So, be a dad and not a douche-dad. Fatherhood is a sacrifice, a fantastic one. And the first thing to go is, both sadly and yet frankly, your fun. 

'You Time'

That being said though, you have to try (TRY) to maintain your sanity and find what time you can for you. Just know that this time is short. It may be taking a half hour to read a book, or getting in a quick run, or just sitting by a brook and reflecting (or, most likely, napping), but take time to get away and clear your head.

But generally, in the list of priorities, ‘dad time’ is now something like number 764th on the list.

Sally getting ready for a date night.

'You Two Time'

As challenging as it will be, you also need to find a way to get some ‘you two’ time in. Find a trusted sitter (no small task with any kid, but particularly with babies), lean on a family member, or find some way to get out of the house and have a lunch, chat over coffee, go for a hike/walk/stroll, or go out for a movie (well, maybe not a movie as you might fall asleep). 

Better still, get baby out of the house and head back to the bedroom for some intimate time. And by ‘intimate time’ I don’t even necessarily mean sex, but even just touching, cuddling, maybe trade massages, etc. But, hopefully also sex – for both your sanity.

Use Clear Communication – and Then Communicate Some More

Due to time constraints, the nonstop and never-ending daily demands put upon you and your spouse, and delirium caused by lack of sleep, you’ll have to get used to being really pretty explicit in your communications with your partner. Don’t leave things hanging – make them definitive. And once you’re done, wrap up the conversation you just had.

Sally and I had to start completing our conversations and closing the loop on all of them, almost like you might do in a business meeting. For example, one of us might say something like, “Okay, we just talked about changing our nightly schedule and we’re now going to alternate putting her down so the other one can get some ‘me time’, right? And we said that you’d have [these nights], and I’d have [those] nights, correct? And we’re starting this tomorrow night, is that what we just agreed on?”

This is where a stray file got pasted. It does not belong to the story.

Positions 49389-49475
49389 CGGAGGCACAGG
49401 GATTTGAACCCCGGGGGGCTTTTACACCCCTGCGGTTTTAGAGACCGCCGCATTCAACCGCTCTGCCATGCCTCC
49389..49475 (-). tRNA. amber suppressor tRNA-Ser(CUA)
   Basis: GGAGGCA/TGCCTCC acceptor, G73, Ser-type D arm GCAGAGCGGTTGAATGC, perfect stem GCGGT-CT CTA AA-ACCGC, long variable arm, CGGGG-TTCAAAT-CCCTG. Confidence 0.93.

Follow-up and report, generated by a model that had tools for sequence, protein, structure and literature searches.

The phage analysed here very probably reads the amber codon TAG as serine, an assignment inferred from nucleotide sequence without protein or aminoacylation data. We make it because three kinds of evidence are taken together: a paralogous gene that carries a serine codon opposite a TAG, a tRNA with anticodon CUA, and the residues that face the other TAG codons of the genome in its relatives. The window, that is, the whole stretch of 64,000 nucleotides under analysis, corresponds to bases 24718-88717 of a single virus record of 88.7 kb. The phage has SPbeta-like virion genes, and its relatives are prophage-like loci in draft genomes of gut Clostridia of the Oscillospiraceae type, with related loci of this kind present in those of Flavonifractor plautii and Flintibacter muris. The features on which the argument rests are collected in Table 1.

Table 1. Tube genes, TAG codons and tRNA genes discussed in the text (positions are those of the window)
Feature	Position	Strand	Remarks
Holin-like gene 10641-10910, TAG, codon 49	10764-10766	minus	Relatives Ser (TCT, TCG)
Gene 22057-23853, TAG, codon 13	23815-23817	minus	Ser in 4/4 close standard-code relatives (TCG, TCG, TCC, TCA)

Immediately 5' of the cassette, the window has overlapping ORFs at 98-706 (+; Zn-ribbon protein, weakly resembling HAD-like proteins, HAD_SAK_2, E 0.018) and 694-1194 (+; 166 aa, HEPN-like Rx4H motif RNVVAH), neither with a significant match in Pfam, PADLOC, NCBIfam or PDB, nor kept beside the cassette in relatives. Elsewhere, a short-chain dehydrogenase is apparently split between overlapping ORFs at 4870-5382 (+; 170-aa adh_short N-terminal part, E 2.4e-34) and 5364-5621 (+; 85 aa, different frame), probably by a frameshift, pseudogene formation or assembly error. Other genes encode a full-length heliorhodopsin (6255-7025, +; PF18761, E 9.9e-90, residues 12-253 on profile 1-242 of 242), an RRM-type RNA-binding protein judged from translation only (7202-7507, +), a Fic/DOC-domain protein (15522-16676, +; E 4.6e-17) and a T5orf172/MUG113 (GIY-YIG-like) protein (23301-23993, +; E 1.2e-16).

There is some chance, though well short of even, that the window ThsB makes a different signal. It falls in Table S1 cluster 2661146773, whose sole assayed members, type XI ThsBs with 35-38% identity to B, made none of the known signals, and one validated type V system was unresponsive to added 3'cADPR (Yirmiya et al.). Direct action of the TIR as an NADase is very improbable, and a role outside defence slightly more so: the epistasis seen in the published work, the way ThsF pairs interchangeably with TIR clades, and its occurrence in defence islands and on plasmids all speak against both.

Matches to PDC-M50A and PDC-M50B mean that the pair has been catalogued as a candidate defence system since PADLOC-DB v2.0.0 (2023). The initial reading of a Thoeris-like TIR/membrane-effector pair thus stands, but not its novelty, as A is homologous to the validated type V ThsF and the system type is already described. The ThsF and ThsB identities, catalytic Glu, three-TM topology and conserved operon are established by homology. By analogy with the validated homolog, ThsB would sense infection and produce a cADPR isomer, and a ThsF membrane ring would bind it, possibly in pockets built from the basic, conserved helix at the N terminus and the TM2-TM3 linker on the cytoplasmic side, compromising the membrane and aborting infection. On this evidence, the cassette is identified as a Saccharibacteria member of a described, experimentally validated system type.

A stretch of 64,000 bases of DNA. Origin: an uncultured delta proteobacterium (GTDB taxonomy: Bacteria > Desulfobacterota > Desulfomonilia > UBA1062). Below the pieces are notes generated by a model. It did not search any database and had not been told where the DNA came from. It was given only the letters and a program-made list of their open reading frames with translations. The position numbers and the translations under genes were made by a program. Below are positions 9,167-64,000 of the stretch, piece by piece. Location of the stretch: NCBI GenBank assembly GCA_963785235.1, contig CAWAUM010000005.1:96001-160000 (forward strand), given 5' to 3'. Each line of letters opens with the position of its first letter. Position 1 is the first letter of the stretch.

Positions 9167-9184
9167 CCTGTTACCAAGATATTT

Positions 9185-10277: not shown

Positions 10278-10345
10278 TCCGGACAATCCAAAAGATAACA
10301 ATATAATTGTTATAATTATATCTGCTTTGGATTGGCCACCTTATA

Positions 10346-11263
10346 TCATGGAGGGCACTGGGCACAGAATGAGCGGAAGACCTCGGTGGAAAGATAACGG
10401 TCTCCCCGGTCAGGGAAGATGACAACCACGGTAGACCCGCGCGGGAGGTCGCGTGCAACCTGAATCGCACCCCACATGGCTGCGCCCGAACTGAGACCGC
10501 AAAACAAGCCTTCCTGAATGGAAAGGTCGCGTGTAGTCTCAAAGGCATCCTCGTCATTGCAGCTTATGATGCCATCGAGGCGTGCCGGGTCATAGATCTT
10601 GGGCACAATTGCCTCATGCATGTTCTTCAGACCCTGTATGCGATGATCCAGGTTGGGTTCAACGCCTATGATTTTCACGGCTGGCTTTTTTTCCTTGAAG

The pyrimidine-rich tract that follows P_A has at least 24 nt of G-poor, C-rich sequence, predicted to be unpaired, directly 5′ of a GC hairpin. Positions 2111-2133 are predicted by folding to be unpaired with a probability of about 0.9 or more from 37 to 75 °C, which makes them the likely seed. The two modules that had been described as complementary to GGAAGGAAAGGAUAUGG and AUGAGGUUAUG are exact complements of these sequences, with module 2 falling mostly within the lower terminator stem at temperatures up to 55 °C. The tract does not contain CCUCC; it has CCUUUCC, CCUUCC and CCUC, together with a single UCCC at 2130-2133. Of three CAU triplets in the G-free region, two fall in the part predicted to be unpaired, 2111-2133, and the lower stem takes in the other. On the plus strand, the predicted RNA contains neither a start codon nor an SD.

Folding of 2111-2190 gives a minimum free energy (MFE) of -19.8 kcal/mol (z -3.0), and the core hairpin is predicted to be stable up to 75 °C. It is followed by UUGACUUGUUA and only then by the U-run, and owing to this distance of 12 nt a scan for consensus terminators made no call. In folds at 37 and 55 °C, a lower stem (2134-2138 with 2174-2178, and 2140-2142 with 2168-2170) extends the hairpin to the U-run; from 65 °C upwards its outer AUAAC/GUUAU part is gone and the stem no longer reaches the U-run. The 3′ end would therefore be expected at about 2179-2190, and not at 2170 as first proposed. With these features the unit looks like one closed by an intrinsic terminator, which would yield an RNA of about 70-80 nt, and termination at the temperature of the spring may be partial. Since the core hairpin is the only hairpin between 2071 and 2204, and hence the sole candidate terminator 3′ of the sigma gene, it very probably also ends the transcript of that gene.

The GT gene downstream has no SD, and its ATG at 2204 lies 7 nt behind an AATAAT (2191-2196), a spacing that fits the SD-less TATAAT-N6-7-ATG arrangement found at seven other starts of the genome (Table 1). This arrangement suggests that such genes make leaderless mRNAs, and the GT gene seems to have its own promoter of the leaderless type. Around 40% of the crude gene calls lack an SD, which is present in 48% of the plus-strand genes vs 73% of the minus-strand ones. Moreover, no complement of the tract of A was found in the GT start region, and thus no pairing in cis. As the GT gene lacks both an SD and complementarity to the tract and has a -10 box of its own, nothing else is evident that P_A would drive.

A critical communication element to get used to is confirming who has/is watching the baby. Let’s say you’ve appropriately prioritized your new baby-centric home and you want some ‘you time’. You might say, “Well, I just changed her, fed her, put her to bed, cut the grass, changed the oil on the truck, cleaned the chicken coop, did our taxes, and did seven loads of laundry. So I’m going to take about half an hour and just chill out, okay? So, you’ve got her if she gets up, right?”

And when you ask those questions, ensure that you get a ‘yes’ answer before moving out.

The Grind Will Get You

Generally, no single day with a baby is that hard (unless that baby is sick – then it’s pretty much a total bitch). What is hard is everyday with a baby. The constant grind of doing the same things over and over again, day after day is what wears you down: feed baby, burp baby, change baby, walk around/play with baby, feed baby, burp baby, change baby, put baby down, feed baby…

And you may feel like your brain has turned to mush because you’re just not using it at a very deep level, an issue that’s especially challenging for career-focused individuals. I once met a new mom who was a well-regarded psychiatrist who was used to working 14-hour days and just crushing her job. Suddenly she was a slave to the mundane baby cycle of bed ‘em, feed ‘em, change ‘em, burp ‘em, bed ‘em, etc. She felt like she was suddenly no one special because she had so identified herself as that hotshot psychiatrist for so long and now she felt like ‘just a mom’.
Sleep... precious, precious sleep... 

Of course being ‘just a mom’, is a huge deal, a magnificent sacrifice, and will be so very, very worth it in numerous ways down the road. But when baby is young, and all those rewards are years away, you can start to feel pretty bummed out sometimes about that finely-tuned brain of yours, honed by decades of work and study, which is suddenly not being used at the same depth as it was previously.

This is why finding some time for yourself and you and your partner is so critical.

Another note about your brain and your work: if you will be a working parent, get used to half-assing both work and being a parent. You can only do one really well if you’re not doing the other. So if you are doing both, just know that you won’t be able to be the dedicated, go-get-‘em worker bee you once were due to the demands of parenthood. And know too that you won’t be the ultimate uber parent that you always thought you could be, because you’ll still have to work 40+ hours a week. Accept this, move on, and just do the very best you can for both work and family.